Letizia Savino


Johannes Gutenberg-Universität Mainz
Institut für Altertumswissenschaften
55099 Mainz

E-Mail: lsavino@uni-mainz.de

Project title: Medicine and physicians abroad. Circulation of experts and expertise in the Second Millennium BCE in the Ancient Near East

Supervisors: Prof. Dr. Doris Prechel, Prof. Dr. Alexander Pruß

Dissertation project:

Focus of the project is the study of the mobility of foreign specialists and, or the requests for ingredients to prepare remedies among different realities of the Ancient Near East during the Second Millennium BCE. Medicine, and ritual medicine for the matter, was definitely a point of contact between cultures in ancient times as much as it is now, and this is mirrored in ancient near-eastern textual sources from the Second Millennium BCE. The need for physicians or incantation priests was as urgent in the past as it is now for specialists in the medical field. Numerous letters have been found from all over the Ancient Near East that testify the requests from private citizens for either specialised personnel coming from a certain area (that could be a specific city or kingdom) or for either already prepared medicaments or ingredient to make them; in some occasion, we even have the request for statues of deities related to healing practices.

Specialists of any kind of expertise and ‘corporation’ often travelled around areas of the Ancient Near East: we have accounts of foreign experts being presents in Anatolia, Mesopotamia and Babylonia proper, but also in Egypt. Usually, the migration movement of these experts followed two routes: from Babylon they moved to the North and North-West, while from Egypt they moved to North and North-East.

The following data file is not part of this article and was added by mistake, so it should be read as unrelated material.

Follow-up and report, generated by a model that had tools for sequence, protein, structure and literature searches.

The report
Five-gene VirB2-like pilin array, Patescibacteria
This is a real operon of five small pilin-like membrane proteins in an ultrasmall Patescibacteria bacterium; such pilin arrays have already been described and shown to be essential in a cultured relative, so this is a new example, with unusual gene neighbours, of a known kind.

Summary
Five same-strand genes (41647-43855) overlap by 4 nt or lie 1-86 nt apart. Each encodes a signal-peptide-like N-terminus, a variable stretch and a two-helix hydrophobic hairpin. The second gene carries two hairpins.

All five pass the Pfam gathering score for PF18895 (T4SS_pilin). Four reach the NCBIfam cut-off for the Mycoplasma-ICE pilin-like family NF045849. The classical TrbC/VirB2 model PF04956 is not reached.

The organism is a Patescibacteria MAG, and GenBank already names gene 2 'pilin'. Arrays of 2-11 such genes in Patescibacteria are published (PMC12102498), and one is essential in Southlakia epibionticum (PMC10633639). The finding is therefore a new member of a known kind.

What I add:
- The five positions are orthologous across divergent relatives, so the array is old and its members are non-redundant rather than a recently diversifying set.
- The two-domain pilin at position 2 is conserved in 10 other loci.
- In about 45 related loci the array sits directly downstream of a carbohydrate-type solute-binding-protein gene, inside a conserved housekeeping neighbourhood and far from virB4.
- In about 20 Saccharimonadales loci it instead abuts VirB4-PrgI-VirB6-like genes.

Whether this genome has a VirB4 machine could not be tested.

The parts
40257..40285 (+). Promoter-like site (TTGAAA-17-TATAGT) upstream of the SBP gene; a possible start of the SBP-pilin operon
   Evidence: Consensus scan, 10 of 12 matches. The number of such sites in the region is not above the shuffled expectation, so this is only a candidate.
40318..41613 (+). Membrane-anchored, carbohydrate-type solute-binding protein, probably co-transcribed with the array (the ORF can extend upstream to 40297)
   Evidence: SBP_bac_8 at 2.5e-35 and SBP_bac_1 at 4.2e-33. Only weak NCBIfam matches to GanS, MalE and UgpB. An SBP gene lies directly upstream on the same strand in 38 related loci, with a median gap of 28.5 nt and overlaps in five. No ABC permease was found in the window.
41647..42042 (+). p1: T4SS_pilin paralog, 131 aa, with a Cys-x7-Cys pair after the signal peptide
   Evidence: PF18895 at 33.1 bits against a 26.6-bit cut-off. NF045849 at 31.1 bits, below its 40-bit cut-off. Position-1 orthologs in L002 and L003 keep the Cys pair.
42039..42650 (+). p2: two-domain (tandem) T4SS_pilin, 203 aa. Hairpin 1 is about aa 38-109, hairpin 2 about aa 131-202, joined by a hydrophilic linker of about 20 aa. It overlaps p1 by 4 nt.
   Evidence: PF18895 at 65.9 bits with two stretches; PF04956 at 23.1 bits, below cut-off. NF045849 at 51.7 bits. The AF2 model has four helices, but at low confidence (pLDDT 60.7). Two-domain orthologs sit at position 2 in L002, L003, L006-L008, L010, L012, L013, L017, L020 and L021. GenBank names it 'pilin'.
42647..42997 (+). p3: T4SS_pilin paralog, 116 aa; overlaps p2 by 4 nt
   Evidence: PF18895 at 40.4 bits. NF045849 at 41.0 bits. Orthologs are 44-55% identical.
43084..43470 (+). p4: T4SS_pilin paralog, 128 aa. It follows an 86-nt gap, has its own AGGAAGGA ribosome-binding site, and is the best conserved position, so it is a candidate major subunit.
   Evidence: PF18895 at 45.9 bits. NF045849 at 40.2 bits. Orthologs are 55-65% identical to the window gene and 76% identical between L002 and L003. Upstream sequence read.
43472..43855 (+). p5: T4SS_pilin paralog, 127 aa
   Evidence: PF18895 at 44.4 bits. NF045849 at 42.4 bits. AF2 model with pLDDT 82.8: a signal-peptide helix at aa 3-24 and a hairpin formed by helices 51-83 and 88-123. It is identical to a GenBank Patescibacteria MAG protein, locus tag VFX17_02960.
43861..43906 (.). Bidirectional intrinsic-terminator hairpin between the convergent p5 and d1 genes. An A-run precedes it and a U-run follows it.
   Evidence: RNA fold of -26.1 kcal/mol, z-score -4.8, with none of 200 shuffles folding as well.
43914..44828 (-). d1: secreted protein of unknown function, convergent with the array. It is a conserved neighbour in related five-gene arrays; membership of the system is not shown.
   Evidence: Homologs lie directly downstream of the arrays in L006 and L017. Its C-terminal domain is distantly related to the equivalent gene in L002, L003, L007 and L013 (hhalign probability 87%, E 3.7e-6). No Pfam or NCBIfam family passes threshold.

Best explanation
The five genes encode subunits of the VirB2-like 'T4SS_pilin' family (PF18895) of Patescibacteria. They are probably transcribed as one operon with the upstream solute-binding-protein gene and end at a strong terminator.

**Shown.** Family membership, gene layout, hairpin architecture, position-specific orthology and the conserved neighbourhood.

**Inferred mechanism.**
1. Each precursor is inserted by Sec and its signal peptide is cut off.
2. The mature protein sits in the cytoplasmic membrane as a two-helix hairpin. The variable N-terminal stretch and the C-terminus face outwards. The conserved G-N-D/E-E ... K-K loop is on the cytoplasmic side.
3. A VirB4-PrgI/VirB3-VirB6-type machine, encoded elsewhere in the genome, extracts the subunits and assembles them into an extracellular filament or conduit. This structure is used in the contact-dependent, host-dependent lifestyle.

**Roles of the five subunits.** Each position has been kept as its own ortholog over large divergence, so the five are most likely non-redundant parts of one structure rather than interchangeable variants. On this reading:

Scholars have already assessed the matter of specialists travelling around the Ancient Near East, but we lack an in-depth inquiry about the mobility of medical experts in particular, and the eventual spread and acculturation of practices that might have followed them.

Research will move mainly on two parallel aspects. The first will try to answer the question: what kind of expertise was requested ‘abroad’? The second, on the other hand, will have as its key question: what kind of products were exchanged for medical purposes?

To be able to answer the first question, i.e., what kind of experts were called from foreign countries, further subjects need to be investigated; first of all, we need to understand who were the specialists who moved abroad, and, most importantly, whence and whereto.

To address the second matter, i.e., which medical products were requested and exchanged, the following questions are to be considered: from whom and to whom were these products requested? Were these products already prepared medicines and drugs, or also plants, minerals, and herbs?

Of course, the question that lies under all of these questions is: why were these experts and substances called for from another country? Was foreign medicine considered more effective and, or authoritative? Was there a specifical medical tradition that was considered somehow superior to the others, which thus influenced certain local aspects of (ritual) medicine?

Purpose of the research will, consequently, be that to try to answer all of these questions, possibly, at the same time, collecting and listing in one place all the material on the subject, in order to also be able to take stock of what is already known, but scattered in different papers and publications.

Naturally, knowledge of local practices (i.e., Hittite, Egyptian, etc.) is required in order to understand the extent of the influences. Part of the research will, consequently, consist in analysing known local practices in order to discern points of contacts or differences.